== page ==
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    First of all, best of luck with your skating!

    I want to disagree with one statement made: the concept that USFS has adult competitions "at the absolute beginner level" is really not true except in very rare cases. There are practically no adult competitions with a "No-Test" track like there are for young people. To actually be competitive at pre-bronze, you really need a fair arsenal of jumps and spins (salchow, toe, and at least loop or flip if not both, and sit spin or other variations of spinning on one foot). I know this; I competed at pre-bronze several times with my basic sal and toe and one foot spin and basically "skated for fun and last place" as I was not competitive, but I had no other choice, that was the lowest level available. And many competitions don't even offer pre-bronze! I did a few adult competitions with a no-test track and had better results and enjoyed those much more as my skills were competitive. I had started in ISI, and sometimes I really miss those old competitions because I had much more fun with them and felt more in line and competitive with the way the levels were set.

    Over the past 4 years due to job changes and other issues, my skating became more infrequent and I didn't compete. I recently started taking ice dance lessons to improve my edging and realized I was enjoying ice dance much more and learning much more also. I knew my chances (and desire) to attain higher level jumps and spins was not there anymore (I'm 55) and I didn't want to test MITF/freestyle anymore. I look forward to potentially testing and competing solo dance or pro-ams with my coach where available. You have to figure out what is right for you and what you enjoy. That said, I wish USFS had more to offer lower level adult freestyle skaters, but competition-wise, they seem to the group that gets left out.
    "Once you've skated together long enough, and you're really good friends, you can close your eyes, put your hand out and she's right there." Joe Dolkiewicz, 2011 US Novice Pairs Bronze Medalist

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    Maybe that is true in your area Yazmeen. In my area every competition has no test adult or at least no test/PB combined. I have seen skaters particpate who barely have a waltz jump and use a 2 foot spin and a forward pivot as their spin.

    I've also placed well in -bronze- here with just a waltz jump, a toe loop, and a salchow, no loop. I was skating up (because my spins are stronger than PB/No test and I wanted it to be 'fair') as I hadn't yet passed my Bronze test. I've now passed my Bronze test and look forward to eventually going to Adult Nationals where I am sure to place last, because my jumps are not competitive.


    When ISI competitions are available, I find them to be very fun because they are more affordable and I can enter a larger variety of events. But I have competed USFS for quite some time, successfully, as a low level skater.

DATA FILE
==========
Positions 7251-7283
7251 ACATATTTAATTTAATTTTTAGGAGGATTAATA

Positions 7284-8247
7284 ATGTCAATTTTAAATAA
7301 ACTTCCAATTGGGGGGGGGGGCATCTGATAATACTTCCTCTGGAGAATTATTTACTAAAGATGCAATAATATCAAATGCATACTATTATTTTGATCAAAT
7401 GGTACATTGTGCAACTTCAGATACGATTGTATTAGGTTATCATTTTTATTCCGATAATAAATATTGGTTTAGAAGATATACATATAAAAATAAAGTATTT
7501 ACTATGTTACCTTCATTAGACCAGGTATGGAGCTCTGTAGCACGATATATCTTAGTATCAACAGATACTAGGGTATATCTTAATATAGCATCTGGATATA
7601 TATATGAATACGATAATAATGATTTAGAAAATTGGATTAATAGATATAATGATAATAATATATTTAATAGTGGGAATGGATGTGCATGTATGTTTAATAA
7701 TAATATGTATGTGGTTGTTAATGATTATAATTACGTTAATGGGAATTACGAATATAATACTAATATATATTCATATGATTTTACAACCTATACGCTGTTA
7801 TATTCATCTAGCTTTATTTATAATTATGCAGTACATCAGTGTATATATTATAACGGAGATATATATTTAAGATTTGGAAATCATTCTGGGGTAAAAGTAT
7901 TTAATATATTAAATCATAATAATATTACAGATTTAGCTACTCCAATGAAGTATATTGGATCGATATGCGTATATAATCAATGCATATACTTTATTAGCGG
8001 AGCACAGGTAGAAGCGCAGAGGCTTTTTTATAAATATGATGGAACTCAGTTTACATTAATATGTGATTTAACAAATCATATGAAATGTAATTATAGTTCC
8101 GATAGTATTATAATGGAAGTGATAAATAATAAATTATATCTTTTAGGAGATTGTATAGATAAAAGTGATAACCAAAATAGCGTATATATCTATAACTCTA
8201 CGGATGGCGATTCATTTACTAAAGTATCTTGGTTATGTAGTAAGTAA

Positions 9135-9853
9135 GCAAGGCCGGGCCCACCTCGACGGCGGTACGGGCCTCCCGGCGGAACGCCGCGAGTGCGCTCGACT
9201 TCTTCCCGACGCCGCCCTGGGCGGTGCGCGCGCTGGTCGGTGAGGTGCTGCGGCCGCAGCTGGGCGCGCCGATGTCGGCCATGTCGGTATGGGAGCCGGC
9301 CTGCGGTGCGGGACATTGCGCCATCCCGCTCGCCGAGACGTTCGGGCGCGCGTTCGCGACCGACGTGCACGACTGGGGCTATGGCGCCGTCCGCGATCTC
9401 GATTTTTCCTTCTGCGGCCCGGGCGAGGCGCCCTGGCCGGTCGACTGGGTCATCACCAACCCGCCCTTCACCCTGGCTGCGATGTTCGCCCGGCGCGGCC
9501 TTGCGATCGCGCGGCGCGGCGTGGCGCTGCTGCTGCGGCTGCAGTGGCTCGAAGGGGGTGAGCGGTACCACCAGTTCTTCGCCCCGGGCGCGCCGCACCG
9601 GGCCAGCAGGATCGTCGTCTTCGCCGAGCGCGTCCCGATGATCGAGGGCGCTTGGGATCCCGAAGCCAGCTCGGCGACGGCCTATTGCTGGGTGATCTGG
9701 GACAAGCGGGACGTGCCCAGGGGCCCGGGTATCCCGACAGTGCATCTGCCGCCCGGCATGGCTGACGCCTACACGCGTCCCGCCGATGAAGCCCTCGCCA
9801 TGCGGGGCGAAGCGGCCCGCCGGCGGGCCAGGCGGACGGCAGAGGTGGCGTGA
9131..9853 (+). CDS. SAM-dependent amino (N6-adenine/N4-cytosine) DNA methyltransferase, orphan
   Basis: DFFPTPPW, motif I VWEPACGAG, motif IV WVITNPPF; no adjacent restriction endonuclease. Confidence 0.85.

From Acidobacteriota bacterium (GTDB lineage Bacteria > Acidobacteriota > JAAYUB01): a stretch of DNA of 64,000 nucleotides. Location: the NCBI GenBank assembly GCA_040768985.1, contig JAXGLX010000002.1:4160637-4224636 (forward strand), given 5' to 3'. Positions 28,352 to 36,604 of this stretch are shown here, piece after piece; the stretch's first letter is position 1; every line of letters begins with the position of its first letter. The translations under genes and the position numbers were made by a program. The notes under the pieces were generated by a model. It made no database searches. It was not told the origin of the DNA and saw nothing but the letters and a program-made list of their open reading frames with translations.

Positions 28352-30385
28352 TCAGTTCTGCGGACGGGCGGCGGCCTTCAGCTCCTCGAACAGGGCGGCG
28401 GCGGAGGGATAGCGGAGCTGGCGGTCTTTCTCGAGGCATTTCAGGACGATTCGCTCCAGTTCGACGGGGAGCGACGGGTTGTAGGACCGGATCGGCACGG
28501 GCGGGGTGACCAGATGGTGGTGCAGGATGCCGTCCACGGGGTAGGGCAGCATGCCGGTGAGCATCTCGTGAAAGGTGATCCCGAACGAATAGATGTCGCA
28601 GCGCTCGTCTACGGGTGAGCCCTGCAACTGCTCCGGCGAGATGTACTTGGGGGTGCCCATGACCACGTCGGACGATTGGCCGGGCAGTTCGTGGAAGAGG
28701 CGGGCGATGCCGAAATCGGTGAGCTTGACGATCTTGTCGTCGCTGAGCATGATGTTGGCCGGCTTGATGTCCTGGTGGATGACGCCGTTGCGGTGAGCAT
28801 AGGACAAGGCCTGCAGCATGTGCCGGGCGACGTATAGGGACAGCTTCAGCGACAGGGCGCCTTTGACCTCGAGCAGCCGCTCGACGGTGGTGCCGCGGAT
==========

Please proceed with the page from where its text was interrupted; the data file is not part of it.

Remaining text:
For many skaters, competitions is about doing their best, not winning, so the competition is AVAILABLE to all skaters. You don't NEED a loop to compete, but you may need one to win. Since a no-test skater can skate up to PB, that level is available at almost all competitions that allow adults to skate, generally if it isn't- a call to the competition chair will have pre-bronze added.

  9. #29

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    Also, Basic Skills competitions offer beginner-level competitions for kids not ready for the standard no-test level, and those competitions can also offer Adult Basic Skills events.

    If you have a friend at the same level you want to compete against, let your local club or rink know which adult events you'd like them to offer in their club or rink competitions. Even if you're not a member of the club, if you can promise them two or three entries in an event that would fit in with the rest of their competition, they'd probably be happy to add it.

    But if you're an adult on your own, without a home club or rink, without nearby friends to compete against, you'll have to do some research to find out where others in your category are likely to enter. This is extra difficult if you're male.

  10. #30

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    Quote Originally Posted by Skittl1321 View Post
    Maybe that is true in your area Yazmeen. In my area every competition has no test adult or at least no test/PB combined. I have seen skaters particpate who barely have a waltz jump and use a 2 foot spin and a forward pivot as their spin.

    I've also placed well in -bronze- here with just a waltz jump, a toe loop, and a salchow, no loop. I was skating up (because my spins are stronger than PB/No test and I wanted it to be 'fair') as I hadn't yet passed my Bronze test. I've now passed my Bronze test and look forward to eventually going to Adult Nationals where I am sure to place last, because my jumps are not competitive.


    When ISI competitions are available, I find them to be very fun because they are more affordable and I can enter a larger variety of events. But I have competed USFS for quite some time, successfully, as a low level skater.

    For many skaters, competitions is about doing their best, not winning, so the competition is AVAILABLE to all skaters. You don't NEED a loop to compete, but you may need one to win. Since a no-test skater can skate up to PB, that level is available at almost all competitions that allow adults to skate, generally if it isn't- a call to the competition chair will have pre-bronze added.